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Comparing fitness of herbicide-resistant and herbicide-susceptible weed biotypes is important for managing herbicide resistance. Previous research suggests there is little to no fitness penalty from amplification of the 5-enolpyruvylshikimate-3-phosphate synthase (EPSPS) gene (a mechanism of glyphosate resistance) in Palmer amaranth (Amaranthus palmeri S. Watson) in controlled studies in the greenhouse or growth chamber. A field study was conducted in North Carolina at three locations naturally infested with A. palmeri to determine vegetative, reproductive, and germination fitness of plants with and without EPSPS amplification grown season-long with cotton (Gossypium hirsutum L.). Seed number was not correlated with EPSPS copy number. However, when plants were binned into two groups, those having an EPSPS copy number ≥2 (relative to reference genes) and those having an EPSPS copy number <2, plant fresh weight and seed number were 1.4 and 1.6 times greater, respectively, for plants with fewer than 2 EPSPS copies. Amaranthus palmeri height and seed germination, and yield of cotton, did not differ when comparing the two binned groups. These data suggest that A. palmeri plants with EPSPS amplification are relatively less fit in the absence of glyphosate, but this reduced fitness does not translate into differences in interference with cotton.
Poor diet quality (DQ) is associated with poor cognition and increased neurodegeneration, including Alzheimer’s disease (AD). We are interested in the role of DQ on cognitive functioning (by sex and increasing genetic risk for AD), in a sample of African American (AA) middle-aged adults. We analysed a sub-group of participants (about 55 % women; mean follow-up time of about 4·7 years) from the Healthy Aging in Neighborhoods of Diversity across the Life Span study with a genetic risk score for AD (hAlzScore). The Healthy Eating Index-2010, Dietary Approaches to Stop Hypertension and the mean adequacy ratio computed at baseline (2004–2009) and follow-up visits (2009–2013) were used to assess initial DQ and change over time. Linear mixed-effects regression models were utilised, adjusting for select covariates, selection bias and multiple testing. DQ change (ΔDQ) was associated with California Verbal Learning Test-List A – overall (0·15 (se 0·06), P = 0·008) and in women (0·21 (se 0·08), P = 0·006), at highest AD risk, indicating protective effects over time. Greater AD risk was longitudinally associated with poorer Clock Command Test scores in men. Poor DQ was positively and cross-sectionally associated with Trails B scores, but in women only. Better-quality diet was associated with a slower decline in verbal memory among AA women, with greater AD risk. Insufficient clinical evidence and/or mixed findings dictate that more studies are needed to investigate brain morphology and volume changes in relation to DQ in an at-risk population for AD, over time.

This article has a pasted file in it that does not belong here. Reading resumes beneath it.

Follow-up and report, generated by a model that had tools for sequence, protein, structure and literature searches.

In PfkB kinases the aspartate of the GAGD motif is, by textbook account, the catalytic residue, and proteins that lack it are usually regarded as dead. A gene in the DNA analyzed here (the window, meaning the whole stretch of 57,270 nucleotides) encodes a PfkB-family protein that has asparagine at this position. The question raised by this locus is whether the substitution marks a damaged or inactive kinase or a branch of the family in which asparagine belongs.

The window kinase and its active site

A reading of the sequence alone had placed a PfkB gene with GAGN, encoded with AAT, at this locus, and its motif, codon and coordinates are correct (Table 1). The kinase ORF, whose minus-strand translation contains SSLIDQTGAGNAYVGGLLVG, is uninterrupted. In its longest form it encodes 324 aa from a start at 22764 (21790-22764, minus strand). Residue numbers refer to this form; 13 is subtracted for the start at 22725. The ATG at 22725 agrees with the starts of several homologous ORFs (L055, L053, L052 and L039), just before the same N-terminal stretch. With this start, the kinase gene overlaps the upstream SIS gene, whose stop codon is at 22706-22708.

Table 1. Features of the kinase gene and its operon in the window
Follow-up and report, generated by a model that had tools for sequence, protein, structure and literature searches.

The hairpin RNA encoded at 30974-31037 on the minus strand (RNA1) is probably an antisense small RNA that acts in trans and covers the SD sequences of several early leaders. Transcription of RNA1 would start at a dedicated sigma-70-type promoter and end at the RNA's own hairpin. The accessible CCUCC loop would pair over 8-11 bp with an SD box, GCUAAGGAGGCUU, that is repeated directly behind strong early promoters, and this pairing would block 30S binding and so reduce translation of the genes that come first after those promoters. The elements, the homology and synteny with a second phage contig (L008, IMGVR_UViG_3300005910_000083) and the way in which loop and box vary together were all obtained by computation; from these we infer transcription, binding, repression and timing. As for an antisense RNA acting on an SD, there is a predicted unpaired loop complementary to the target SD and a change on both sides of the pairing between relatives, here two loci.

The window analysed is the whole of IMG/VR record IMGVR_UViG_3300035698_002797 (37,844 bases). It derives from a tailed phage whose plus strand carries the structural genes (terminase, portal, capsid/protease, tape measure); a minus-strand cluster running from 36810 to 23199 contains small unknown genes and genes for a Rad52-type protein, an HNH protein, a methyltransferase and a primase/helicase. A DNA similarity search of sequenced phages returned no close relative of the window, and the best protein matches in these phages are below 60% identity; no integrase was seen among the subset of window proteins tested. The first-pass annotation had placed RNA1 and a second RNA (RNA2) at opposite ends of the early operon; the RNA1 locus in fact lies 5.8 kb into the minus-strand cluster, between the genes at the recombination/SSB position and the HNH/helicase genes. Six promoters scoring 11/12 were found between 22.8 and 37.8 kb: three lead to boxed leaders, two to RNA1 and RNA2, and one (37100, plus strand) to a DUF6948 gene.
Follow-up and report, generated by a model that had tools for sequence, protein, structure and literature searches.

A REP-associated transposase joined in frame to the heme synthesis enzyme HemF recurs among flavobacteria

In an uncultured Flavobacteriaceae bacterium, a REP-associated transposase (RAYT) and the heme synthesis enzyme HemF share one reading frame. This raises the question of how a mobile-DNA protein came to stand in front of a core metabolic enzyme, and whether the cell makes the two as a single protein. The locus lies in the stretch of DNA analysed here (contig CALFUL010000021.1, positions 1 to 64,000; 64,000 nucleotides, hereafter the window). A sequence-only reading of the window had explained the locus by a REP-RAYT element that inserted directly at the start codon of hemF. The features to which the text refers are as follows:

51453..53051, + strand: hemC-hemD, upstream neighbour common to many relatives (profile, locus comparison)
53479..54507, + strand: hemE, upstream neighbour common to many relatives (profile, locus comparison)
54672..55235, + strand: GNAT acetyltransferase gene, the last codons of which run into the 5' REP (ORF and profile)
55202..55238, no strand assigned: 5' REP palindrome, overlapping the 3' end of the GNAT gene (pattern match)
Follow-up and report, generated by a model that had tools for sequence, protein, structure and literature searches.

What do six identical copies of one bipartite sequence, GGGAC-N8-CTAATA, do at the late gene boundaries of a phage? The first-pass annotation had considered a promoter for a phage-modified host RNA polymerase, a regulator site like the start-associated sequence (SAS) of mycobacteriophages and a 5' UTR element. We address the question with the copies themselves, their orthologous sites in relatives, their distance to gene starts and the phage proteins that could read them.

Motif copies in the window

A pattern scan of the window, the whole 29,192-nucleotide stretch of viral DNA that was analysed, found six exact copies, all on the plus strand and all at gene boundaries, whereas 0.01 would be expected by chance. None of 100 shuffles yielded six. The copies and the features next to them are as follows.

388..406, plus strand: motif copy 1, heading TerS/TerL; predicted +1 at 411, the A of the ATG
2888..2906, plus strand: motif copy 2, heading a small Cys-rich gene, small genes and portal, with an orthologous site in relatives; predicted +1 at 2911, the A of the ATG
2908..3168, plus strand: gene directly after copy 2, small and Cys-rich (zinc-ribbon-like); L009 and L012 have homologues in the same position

Glyphosate-resistant (GR) Palmer amaranth continues to be challenging to control across the U.S. cotton belt. Timely application of POST herbicides and herbicides applied at planting or during the season with residual activity are utilized routinely to control this weed. Although glyphosate controls large Palmer amaranth that is not GR, herbicides such as glufosinate used in resistance management programs for GR Palmer amaranth must be applied when weeds are small. Dicamba can complement both glyphosate and glufosinate in controlling GR and glyphosate-susceptible (GS) biotypes in resistant cultivars. Two studies were conducted to determine Palmer amaranth control, weed biomass, and cotton yield, as well as to estimate economic net return when herbicides were applied 2, 3, 4, and 5 wk after planting (WAP). In one experiment POST-only applications were made. In the second experiment PRE herbicides were included. In general, Palmer amaranth was controlled at least 98% by herbicides applied at least three times regardless of timing of application or herbicide sequence. Glyphosate plus dicamba applied at 4 and 5 WAP controlled Palmer amaranth similarly compared to three applications by 8 WAP; however, yield was reduced 23% because of early-season interference. The inclusion of PRE herbicides benefited treatments that did not include herbicides applied 2 or 3 WAP. Glyphosate plus dicamba applied as the only herbicides 5 WAP provided 69% control of Palmer amaranth. PRE herbicides increased control to 96% for this POST treatment. Economic returns were similar when three or more POST applications were applied, with or without PRE herbicides.